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About FireOnAsphalt

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    Writing and playing video games. Work isn't so much of an interest as a fact of life for me.

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  1. Currently on build Vehicle Test 40.6. Tested on default Survival mode with no mods: - Riverside - Rosewood - West Point Only 1 vehicle I've found has had any gas whatsoever, after a search of appx. 100 vehicles or more. Is that normal? I've checked the fire departments, the police stations, the town halls, several shopping centers, parking lots, residentials and everything. None of the vehicles had gas at all. They had vehicle parts of varying conditions, loot of various professions, all sorts of neat stuff. But zero gasoline at the onset of the apocalypse doesn't make any sense... Did everybody go to work that day and know they wouldn't need gas at the end of their shift because the zombies were coming?
  2. The only problem I have here is that I've survived a bite. I don't have the save file to prove it anymore, but I actually had a survivor survive two bites once. Never have I even survived a bite once before then, or since. But back in build, I dunno, 34 or so, I had a character survive two bites. Interesting, no?
  3. Not to take an unproductive macabre direction with this... But my immediate thought when I saw the toaster in the bathroom was not of a bed-and-breakfast scenario, but one more akin to someone who decided not to try to survive the outbreak and take their own way out... (run-on sentences ftw) Either way, great work Kenneth!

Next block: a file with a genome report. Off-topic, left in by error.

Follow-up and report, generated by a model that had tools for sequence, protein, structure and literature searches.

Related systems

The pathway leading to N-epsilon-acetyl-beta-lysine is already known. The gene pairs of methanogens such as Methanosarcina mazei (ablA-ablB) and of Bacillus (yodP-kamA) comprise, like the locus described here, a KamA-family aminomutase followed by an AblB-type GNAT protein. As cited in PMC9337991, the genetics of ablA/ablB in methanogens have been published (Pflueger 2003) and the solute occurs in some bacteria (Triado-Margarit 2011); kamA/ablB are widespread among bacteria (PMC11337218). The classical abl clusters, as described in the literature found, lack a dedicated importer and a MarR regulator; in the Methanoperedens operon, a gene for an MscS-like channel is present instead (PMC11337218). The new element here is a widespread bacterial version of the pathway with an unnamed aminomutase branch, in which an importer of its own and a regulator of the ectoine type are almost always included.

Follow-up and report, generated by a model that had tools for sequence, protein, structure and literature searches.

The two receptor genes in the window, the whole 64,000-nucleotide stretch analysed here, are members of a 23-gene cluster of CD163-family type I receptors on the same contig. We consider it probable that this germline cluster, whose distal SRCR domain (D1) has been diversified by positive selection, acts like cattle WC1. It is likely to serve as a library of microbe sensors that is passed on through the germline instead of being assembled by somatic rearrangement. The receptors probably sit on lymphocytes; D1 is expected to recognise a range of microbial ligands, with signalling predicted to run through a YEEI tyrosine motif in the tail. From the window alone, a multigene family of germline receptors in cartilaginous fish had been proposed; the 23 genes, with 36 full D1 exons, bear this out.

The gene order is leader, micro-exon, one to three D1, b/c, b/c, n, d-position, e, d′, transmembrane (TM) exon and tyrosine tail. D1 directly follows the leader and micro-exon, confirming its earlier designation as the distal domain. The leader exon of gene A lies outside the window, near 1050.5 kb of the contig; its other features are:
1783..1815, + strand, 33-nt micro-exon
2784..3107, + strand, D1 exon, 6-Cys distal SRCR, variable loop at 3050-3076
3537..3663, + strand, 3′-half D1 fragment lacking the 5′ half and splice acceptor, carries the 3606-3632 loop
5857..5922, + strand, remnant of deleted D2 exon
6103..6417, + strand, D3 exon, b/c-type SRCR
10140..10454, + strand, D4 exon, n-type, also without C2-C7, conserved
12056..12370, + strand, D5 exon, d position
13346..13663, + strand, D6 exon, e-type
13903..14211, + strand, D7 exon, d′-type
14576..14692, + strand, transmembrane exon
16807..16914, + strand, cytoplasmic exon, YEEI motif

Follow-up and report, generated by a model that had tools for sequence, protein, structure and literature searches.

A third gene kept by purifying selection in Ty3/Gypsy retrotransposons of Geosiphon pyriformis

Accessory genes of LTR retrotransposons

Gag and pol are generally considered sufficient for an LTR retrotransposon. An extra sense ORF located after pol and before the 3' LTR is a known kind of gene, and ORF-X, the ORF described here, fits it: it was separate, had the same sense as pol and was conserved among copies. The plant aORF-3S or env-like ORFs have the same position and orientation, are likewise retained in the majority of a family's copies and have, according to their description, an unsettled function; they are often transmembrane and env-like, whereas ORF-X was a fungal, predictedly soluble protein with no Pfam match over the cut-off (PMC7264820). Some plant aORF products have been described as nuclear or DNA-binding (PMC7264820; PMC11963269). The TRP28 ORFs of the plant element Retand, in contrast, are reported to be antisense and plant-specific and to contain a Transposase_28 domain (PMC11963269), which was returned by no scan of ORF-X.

4. I've been doing my own unscientific study of melee weapons and there seems to be some variance in weapons concerning what I like to call "critical hits", zed stamina, and "sweet spots". Having never even looked at the code, I've gathered that some weapons have a higher chance to successfully do damage than others, and that zombies seemingly have a "stamina" buffer that can influence how much damage you do when you hit them. What I mean by stamina is that depending on how long a zombie has been lunging towards you, they have more or less stamina, which I believe is determined by their deteriorating speed until they "replenish" their stamina and revert to original speed once again. At the slowest portion of their moment is the time to strike I believe, as I think it increases your chance of rolling higher damage, chance of knockback or knockdown, and chance of critical. Again, this is all conjecture based on my experiences and observations; this could all be completely wrong. But I've killed enough zombies to start noticing patterns, and there is a pattern to be found. I may simply not have found all parts of it yet. But on the topic of weapons, baseball bats have high knockback, and the spiked variety does more damage. However it seems to me that the original bat has a higher critical ratio, as just by feeling, it seems like I one-shot zombies more often with the unmodified bat than the nailed version. There also seems to be a sweet spot to weapons that isn't fully explained or distinguishable. I've found that by timing my attacks differently to hit zombies with various "locations" of the weapon (tip of the bat, handle of the bat, middle of the bat) you can achieve seemingly different results. Long weapons benefit from achieving hits with the very end of the weapon; short weapons are about close-quarters timing. Hammers are a good example; the timing is precise since the weapon is so small, but a max-range hit seems to be one of the best critical rates for a blunt weapon I've found; there are times where I can eliminate multiple zombies in one hit (fresh fast shamblers and decayed shufflers both) with the hammer and a few well-placed hits, and at least four points into blunt skill. As far as combat effectiveness goes, I think we've all established that panic reduces accuracy, anxiety reduces accuracy and damage... depression may also have an effect on this, though I rarely let my characters get sad so I have very limited knowledge about that moodle. Maybe these ramblings are completely wrong and I'm insane. But I find melee to be quite engaging as it is... I'm just concerned that the animations update is going to force to me to learn how to play the entire game again. P.S. Pool sticks are crazy weapons. You swing them at light speed and they have an extremely low chance of knockback. Yet, in the right circumstances, you can demolish a group of zeds with one. What's up with that?